excusatio non petita accusatio manifesta

Prior to this year's Primary race for the 2nd Congressional District, Keith Crisco's name rarely came up here at BlueNC. But on the rare occasion that it did, he was "not treated well," to put it mildly. He had at least three strikes going against him: 1) he was viewed as part of the "old guard" of NC Dems who seemed to continually produce jail-bound embarrassments, 2) he served as a conduit for "business-friendly" policy proposals, which often did not serve the best interests of the majority of North Carolinians, and 3) he was both a cheerleader and manager of the wildly unpopular incentives program.

Congressional candidate Crisco dead

It's being reported on Twitter, but WRAL has the full story - Keith Crisco, who was Clay Aiken's opponent for the Democratic nomination in Congressional District 2, died in a fall at his home today. Crisco was trailing Aiken by 369 votes in the primary.

"This is a shocking day," Crone said. "I have known Keith for nearly 30 years and consider him a good friend. He has done a great deal for his community and his state. I will miss his insights and his wry sense of humor and his keen mind for math and statistics."

Are Internet gambling concerns pushing privilege tax cap?

There's more than one way to skin a municipality:

Financial, environmental and educational issues will be at the top of the agenda when the General Assembly reconvenes Wednesday in Raleigh. The so-called short session traditionally is reserved for tweaking the state budget. This year legislators also will use the session to deal with timely issues from coal ash to education policy.

A bipartisan committee has recommended capping privilege licenses, a tax on businesses, at $100. While that may be good news for some businesses, the city of Greensboro expects to lose $1.3 million in revenue if the General Assembly adopts the change.

First off, all Legislative committees are "bi-partisan" in nature, with the majority party filling the majority of seats in each. The only way you can (or should) call a measure bi-partisan is if some members of the minority party vote with the majority. Don't know if this is one of them, but I'm looking. Second, the privilege tax didn't become an issue until the courts blinked on sweepstakes cafes. And now that tax is one of the only ways cities and towns can keep Internet gambling casinos from popping up on every corner:

Open thread: That sinking feeling

On the collapse of major ice sheets in Antarctica.

“This is really happening,” said Thomas P. Wagner, who runs NASA’s programs on polar ice and helped oversee some of the research. “There’s nothing to stop it now."

It's not like we haven't had time to alter the course of history, we've just chosen not to.

The new finding appears to be the fulfillment of a prediction made in 1978 by an eminent glaciologist, John H. Mercer of the Ohio State University. He outlined the uniquely vulnerable nature of the West Antarctic ice sheet and warned that the rapid human release of greenhouse gases posed “a threat of disaster.” He was assailed at the time, but in recent years scientists have been watching with growing concern as events have unfolded in much the way Dr. Mercer predicted. (He died in 1987.)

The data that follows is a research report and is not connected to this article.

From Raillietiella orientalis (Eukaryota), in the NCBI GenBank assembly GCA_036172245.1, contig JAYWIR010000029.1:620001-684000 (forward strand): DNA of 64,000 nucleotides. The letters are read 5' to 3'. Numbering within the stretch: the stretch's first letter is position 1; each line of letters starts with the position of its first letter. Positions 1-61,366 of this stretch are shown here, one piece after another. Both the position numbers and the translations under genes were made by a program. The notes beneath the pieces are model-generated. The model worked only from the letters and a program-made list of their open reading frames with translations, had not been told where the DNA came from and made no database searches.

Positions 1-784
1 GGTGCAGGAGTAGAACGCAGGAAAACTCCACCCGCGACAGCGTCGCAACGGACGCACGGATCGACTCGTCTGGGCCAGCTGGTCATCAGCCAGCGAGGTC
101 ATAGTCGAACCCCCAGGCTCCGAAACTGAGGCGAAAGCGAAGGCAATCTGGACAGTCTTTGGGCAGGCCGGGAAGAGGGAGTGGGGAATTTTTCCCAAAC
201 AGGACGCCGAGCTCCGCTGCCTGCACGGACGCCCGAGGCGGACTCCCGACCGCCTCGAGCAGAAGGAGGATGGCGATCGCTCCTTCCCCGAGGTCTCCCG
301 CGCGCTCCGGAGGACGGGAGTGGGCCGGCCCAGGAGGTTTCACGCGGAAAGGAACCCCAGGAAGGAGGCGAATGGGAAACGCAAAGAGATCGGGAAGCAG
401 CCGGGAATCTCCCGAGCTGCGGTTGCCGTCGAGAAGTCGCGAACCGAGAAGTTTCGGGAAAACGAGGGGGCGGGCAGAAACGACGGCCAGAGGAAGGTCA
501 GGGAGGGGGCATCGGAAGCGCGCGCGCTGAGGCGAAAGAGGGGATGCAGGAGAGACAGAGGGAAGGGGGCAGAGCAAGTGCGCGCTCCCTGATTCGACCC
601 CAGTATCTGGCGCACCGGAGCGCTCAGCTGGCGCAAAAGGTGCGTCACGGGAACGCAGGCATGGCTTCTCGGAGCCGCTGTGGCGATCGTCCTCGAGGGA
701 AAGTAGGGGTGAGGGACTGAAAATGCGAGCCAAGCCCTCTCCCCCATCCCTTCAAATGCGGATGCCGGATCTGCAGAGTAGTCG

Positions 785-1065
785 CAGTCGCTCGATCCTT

For those of you who have children or plan to, the reality of global sea-level rise should scare the hell out of you. In less than a hundred years, shorelines all around the world will be reshaped, leaving low-lying land submerged under at least 10 feet of water.

NC lawmakers committing voter fraud?

Via Greg Flynn, we learn of ABC's report that 4 NC lawmakers appear on the list of "duplicate" voters that the NC GOP has been railing about. You remember, NC joined the red-state coalition that uses bad data from Kansas's secretary of state, Kris Kobach, a leading vote suppressor, to attempt to show that voter fraud is rampant.

The group Democracy North Carolina presented documentation Monday that it says shows four state lawmakers have duplicate voter registrations in other states.

Pat McCrory: "I'm not irrelevant."

The legislature is coming back into session this week, triggering a new round of puff-pieces about Pat McCrory, Phil Berger, and Thom Tillis. Of the three, Berger is clearly the Big Man on Campus, with Tillis worried about running for Senate and Pat McCrory worried about being irrelevant. Boys and their egos ... same as it ever was.

Now, as lawmakers head back to Raleigh on Wednesday for their short session, McCrory promises to be more of a policy force. “We will probably be more assertive than in our first year, which I frankly thought was extremely assertive,” McCrory says. “We had a heck of a good first year, but now I think we can take even more initiatives.”

For future reference, Mayor Pat, don't use the word "probably" when you're talking about being more assertive. Kinda sends a mixed signal.

WS Journal on Republican ticket tax

As the state legislature heads back in to session on Wednesday, the Winston-Salem Journal follows up on one of the new taxes passed by the Tea Baggers in the last session - the event ticket tax.

Some organizations, such as the Piedmont Opera, won't have to deal with the tax until next year - the tickets for their current season were already sold before the tax went into effect in January. Others - like the River Run Film Festival - have had to raise prices.


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